On August 13th, I applied at the local post office for my passport (book and card, let’s go the whole nine yards, I thought). And on August 20th, the passport arrived in the mail. I know, right? One week! I didn’t think it would arrive until October at the earliest. Well, I looked at every single page and I signed it and I filled in the appropriate blanks. I put it down and snapped a photo of it with my trusty old cell phone.
Then my breath caught – oh, the infinite possibilites that have just opened up before me! I can go anywhere on this planet! – and I just simply squealed with joy and excitement, dancing a happy dance. My dog still doesn’t understand what I was doing but that’s okay. She saw me being joyous.
I love maps and dictionaries. I love the allure of place names, near and far, and the journey a word has taken to join the 21st century English language. (If a dictionary doesn’t have the word heuristic listed, it isn’t worth a second glance, let alone space on my bookshelves. Go look it up. It’s a pretty cool word that I first encountered in a documentary on dinosaurs some 20 years ago.) Maps are full of dreams and potential and intriguing place names and funny ones, too. Let your finger trace a line from wherever you are to a place that catches your attention. Or close your eyes and place your finger, sight unseen, on that map and see where you’ve landed, and let your imagination run riot.
Before the mid-1970s, a lot of schools had maps (the roll-down kind) supplied by AJ Nystrom, and my grandfather was a salesman for that map company. One year he sent me a 6×4 map of the United States. My younger sister and I would remove that map from the thick cardboard tube and unroll it and I’d read out the states and cities and we’d make up stories. Each state was a different color. That was one of the seeds that got planted…
…and another one was when a film-maker, Robert Churchill, came to my elementary school to start work on a documentary. At the time, in 1964, my class had taken a field trip to LAX (Los Angeles International Airport) and we’d seen the newly-opened building with the white arches. We learned about airports and travel. Here, I am seven or eight and my teacher, Mrs. Alice Baldyga, and I are earnestly discussing Florida. (The documentary was titled “Silent World, Muffled World.”) Mrs. Baldyga was one of my favorite teachers and my mother saved all the notes she wrote and sent home with me.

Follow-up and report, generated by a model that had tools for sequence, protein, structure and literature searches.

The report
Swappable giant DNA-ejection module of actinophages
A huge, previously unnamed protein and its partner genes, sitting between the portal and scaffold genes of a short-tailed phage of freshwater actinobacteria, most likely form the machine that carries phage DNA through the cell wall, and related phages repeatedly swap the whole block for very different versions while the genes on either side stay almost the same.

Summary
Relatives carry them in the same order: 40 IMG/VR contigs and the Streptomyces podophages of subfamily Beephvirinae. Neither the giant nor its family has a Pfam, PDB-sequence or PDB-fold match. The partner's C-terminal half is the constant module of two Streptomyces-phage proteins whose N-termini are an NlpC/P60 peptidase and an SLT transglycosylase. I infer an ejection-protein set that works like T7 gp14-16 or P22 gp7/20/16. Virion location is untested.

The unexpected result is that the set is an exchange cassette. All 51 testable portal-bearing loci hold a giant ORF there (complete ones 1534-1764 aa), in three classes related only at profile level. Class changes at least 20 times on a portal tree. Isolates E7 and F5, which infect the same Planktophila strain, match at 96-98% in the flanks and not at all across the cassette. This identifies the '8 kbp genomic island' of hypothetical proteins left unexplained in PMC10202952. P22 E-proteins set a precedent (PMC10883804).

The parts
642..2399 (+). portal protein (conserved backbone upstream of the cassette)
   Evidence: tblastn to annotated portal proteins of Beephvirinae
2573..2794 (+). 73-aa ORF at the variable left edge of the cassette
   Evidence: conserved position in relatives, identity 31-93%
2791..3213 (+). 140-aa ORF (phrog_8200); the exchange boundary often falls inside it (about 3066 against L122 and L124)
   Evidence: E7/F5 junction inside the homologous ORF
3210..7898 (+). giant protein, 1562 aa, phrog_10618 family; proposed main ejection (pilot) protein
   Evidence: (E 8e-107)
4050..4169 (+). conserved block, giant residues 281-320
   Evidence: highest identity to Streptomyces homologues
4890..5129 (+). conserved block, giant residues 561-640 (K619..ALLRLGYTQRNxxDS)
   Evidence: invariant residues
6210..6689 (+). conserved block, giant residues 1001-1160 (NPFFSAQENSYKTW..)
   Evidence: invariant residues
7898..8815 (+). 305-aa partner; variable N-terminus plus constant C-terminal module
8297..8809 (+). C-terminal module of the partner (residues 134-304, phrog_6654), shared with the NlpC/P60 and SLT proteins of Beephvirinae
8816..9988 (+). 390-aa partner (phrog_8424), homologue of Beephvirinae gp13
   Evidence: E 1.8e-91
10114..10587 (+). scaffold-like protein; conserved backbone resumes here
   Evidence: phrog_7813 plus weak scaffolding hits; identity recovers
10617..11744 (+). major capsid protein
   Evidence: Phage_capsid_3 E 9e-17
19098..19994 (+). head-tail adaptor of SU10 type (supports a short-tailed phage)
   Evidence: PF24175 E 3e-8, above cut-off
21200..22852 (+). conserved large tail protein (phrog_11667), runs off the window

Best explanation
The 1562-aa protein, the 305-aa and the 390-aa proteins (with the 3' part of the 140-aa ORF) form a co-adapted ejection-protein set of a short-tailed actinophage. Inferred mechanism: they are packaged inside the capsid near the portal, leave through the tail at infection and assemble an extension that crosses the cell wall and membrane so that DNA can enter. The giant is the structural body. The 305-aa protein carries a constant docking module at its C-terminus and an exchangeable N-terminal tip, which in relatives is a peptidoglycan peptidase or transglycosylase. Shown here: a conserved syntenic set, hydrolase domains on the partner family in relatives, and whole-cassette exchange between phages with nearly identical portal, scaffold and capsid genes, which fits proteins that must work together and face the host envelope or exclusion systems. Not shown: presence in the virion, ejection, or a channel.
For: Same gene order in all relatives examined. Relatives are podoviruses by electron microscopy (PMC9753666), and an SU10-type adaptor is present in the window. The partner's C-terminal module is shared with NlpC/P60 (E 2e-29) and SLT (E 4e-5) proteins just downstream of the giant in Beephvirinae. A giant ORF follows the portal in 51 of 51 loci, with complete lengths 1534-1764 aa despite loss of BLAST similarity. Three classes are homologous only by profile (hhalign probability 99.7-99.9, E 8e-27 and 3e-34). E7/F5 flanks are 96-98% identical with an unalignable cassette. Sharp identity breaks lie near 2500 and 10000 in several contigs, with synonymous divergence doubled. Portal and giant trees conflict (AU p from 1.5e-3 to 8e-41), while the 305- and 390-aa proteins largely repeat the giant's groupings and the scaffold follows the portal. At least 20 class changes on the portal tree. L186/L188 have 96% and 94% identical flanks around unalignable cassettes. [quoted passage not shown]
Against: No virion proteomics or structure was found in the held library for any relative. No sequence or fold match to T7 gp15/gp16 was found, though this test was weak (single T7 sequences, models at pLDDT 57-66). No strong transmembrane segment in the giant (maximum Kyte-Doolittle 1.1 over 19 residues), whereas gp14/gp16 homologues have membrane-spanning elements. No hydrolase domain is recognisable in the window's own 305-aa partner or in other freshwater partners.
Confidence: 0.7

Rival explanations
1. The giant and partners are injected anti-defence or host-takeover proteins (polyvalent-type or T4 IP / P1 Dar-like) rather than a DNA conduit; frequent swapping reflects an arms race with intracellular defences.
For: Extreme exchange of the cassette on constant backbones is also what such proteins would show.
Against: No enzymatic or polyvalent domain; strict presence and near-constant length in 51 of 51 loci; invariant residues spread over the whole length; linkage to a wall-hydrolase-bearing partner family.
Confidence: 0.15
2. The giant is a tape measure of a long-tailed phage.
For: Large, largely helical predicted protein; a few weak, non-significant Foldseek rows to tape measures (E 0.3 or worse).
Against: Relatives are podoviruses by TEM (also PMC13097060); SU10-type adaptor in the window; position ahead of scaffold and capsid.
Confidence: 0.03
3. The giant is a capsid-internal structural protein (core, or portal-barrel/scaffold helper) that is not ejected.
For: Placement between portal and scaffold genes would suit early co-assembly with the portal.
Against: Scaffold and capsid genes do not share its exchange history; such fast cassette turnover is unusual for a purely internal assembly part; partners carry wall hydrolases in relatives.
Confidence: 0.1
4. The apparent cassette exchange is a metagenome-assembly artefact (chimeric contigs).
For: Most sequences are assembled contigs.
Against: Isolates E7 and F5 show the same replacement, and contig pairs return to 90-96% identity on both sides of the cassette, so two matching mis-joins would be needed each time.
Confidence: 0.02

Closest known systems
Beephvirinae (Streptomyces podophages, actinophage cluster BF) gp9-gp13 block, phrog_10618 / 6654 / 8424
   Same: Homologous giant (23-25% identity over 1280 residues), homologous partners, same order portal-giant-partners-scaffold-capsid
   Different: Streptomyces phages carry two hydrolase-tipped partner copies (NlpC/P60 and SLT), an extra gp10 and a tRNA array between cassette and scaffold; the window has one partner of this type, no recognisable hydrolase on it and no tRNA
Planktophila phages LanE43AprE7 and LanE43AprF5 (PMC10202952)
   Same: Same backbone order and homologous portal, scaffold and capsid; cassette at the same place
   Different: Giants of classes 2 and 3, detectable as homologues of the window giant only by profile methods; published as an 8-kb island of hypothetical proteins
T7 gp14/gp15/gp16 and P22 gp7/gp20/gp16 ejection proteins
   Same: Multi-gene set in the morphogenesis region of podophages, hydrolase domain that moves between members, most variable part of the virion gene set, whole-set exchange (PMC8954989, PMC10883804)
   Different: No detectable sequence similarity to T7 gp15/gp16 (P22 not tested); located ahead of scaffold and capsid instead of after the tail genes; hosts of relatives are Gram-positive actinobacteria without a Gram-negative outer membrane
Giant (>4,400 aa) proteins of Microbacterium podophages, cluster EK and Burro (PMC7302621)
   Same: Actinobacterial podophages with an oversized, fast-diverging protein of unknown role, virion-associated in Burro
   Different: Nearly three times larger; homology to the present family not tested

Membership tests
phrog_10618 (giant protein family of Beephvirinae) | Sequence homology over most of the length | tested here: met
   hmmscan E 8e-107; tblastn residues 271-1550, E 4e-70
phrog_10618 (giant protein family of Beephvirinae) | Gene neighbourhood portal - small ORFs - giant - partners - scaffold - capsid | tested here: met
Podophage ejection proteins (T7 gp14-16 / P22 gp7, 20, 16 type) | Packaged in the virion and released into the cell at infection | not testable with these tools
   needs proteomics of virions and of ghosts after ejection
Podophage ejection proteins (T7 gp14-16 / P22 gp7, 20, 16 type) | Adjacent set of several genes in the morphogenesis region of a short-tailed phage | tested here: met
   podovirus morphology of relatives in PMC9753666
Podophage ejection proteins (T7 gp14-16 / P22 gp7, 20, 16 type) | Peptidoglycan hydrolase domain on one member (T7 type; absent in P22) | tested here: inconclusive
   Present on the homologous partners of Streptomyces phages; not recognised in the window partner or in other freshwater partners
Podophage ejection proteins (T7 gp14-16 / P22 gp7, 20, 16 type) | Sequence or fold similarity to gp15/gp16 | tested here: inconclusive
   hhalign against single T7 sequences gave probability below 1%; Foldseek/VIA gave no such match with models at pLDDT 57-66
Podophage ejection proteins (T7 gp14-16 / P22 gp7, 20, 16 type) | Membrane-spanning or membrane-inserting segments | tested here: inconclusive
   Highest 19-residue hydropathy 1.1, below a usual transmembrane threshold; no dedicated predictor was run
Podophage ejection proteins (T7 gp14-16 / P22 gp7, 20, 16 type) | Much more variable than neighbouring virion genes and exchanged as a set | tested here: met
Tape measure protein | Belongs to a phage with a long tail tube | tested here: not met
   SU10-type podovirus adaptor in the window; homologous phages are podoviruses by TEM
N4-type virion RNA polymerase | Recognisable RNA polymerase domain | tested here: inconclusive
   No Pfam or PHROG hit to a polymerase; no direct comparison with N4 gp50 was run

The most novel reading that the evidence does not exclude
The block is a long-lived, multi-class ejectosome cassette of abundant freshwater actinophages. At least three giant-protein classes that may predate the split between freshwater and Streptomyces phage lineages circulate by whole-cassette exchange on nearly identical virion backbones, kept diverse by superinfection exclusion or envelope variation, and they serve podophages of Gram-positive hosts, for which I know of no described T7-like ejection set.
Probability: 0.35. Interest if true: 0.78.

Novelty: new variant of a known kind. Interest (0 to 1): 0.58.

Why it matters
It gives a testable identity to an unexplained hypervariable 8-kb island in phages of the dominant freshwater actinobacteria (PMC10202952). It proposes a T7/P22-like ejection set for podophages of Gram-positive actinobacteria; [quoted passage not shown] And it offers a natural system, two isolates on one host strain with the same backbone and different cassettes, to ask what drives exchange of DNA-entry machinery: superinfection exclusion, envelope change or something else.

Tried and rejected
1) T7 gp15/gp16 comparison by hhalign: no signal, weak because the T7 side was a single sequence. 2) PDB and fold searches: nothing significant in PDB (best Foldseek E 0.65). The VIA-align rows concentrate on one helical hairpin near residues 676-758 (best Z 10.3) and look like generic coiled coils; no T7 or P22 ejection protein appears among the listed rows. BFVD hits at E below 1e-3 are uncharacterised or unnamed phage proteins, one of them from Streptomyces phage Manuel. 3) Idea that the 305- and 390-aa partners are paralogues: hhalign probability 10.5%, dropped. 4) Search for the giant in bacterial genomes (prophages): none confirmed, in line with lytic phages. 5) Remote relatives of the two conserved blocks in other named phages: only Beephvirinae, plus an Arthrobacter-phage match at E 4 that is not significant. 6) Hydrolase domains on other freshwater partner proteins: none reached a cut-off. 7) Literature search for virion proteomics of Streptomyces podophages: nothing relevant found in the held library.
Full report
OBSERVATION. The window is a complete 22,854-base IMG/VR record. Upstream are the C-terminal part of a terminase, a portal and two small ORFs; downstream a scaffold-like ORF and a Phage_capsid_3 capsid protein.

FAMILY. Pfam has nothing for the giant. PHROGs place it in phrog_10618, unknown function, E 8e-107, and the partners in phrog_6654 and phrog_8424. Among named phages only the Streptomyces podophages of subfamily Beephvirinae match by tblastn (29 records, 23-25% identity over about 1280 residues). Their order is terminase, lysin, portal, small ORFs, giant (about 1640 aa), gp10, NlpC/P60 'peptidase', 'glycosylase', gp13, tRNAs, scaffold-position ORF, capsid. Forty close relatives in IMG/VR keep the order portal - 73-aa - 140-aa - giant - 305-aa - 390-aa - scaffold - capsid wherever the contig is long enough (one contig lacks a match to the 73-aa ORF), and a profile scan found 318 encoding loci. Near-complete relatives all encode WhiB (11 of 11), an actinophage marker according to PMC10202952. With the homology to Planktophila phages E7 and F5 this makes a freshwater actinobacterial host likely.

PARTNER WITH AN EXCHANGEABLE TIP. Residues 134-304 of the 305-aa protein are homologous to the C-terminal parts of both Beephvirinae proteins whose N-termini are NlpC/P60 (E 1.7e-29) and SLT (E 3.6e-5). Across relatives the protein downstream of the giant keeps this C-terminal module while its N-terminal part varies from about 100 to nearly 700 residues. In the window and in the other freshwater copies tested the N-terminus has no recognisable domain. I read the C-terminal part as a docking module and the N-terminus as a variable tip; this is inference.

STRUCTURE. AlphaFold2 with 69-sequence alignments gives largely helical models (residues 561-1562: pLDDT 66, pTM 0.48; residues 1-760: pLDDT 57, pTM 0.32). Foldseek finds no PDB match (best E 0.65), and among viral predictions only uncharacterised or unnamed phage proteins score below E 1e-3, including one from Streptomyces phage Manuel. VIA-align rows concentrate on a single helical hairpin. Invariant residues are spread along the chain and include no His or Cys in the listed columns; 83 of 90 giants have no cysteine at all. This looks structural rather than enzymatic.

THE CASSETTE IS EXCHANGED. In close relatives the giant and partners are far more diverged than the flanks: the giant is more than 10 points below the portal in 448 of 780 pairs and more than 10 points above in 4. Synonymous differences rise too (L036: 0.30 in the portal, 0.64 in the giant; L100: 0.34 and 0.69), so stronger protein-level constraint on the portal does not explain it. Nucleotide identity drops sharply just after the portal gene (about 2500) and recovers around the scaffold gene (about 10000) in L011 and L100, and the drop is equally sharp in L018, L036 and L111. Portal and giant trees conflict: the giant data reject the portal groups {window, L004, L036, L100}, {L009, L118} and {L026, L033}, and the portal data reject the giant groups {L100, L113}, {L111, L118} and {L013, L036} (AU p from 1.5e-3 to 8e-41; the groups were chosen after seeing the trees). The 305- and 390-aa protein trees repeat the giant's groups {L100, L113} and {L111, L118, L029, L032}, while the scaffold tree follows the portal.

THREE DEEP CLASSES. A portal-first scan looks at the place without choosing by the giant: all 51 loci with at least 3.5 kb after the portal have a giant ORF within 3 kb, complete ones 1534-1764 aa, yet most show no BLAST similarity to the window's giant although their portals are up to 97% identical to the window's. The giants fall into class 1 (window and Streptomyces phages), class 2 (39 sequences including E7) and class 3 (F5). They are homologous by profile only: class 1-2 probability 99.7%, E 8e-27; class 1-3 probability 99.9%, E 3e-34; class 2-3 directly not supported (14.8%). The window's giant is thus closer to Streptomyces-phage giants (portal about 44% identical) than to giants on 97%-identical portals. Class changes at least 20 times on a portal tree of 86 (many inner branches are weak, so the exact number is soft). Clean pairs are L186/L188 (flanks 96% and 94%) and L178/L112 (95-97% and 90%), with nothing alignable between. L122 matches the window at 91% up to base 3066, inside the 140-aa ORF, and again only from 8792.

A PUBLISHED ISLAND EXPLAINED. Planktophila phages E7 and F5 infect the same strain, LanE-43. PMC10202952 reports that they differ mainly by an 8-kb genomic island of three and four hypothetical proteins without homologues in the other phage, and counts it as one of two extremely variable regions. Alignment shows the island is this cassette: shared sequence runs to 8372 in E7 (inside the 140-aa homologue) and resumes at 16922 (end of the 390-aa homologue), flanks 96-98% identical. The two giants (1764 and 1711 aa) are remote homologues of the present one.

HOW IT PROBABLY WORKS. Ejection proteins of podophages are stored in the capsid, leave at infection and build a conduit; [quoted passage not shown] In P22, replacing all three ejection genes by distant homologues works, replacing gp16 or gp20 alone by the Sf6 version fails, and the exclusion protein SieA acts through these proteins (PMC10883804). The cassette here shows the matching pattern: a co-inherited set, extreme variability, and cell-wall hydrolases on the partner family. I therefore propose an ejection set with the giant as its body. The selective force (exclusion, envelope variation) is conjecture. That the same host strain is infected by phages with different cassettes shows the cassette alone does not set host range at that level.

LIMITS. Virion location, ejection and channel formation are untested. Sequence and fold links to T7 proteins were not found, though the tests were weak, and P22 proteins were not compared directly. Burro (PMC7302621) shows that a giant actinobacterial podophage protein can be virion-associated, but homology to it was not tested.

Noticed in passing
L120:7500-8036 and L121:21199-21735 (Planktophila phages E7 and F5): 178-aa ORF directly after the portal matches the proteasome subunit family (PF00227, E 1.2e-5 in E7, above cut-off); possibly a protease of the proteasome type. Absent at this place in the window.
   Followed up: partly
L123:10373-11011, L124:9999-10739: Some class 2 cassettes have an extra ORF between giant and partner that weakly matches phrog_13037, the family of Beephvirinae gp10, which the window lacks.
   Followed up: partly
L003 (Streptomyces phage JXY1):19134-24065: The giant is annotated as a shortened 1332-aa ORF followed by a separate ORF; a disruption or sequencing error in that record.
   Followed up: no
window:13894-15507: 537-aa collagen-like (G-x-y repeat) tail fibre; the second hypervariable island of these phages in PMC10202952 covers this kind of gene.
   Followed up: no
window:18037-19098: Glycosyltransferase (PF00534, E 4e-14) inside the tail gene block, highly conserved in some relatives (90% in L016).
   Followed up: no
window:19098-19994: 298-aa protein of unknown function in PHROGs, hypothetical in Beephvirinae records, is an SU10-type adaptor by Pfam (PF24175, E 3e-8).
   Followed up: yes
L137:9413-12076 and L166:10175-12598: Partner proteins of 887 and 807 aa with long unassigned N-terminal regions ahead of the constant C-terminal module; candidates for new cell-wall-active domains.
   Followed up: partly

Well, in planning my Iceland trip, I knew I had to have a map, so I ordered one on Amazon.com – but when I ordered a couple of guide books, I didn’t know they came with pull-out maps as well! I’m as happy as can be with these three maps!
I also looked at the flight path – I’ll take American Airlines from LAX to Denver and transfer to IcelandAir – and I was thrilled to see that the flight from Denver will go over or near the North Pole to Reykjavik! (If I see any reindeer making practice runs, with or without sleighs, I’ll let you know. Pinky-swear.)
Oh, the endless possibilities! I want to take my daughter to the coastal town of Kopervik in Norway, whence her father’s Jorgenson grandparents and great-grandparents came, for her 21st birthday. And I’d love to see Wales and Scotland and Ireland. Tuscany in the spring (see the movie “Enchanted April” and you’ll see why). The lavender fields in Provence. The wine regions of Bordeaux and Burgundy. Nepal and Tibet. New Zealand. Australia. The savannahs in Kenya and Mount Kilimanjaro (another enchanting place name). Wildly and most improbably, the Illyria region that is somewhere between Hungary and Yugoslavia. It calls out to me.
Where would you go, if you could go anywhere in the world?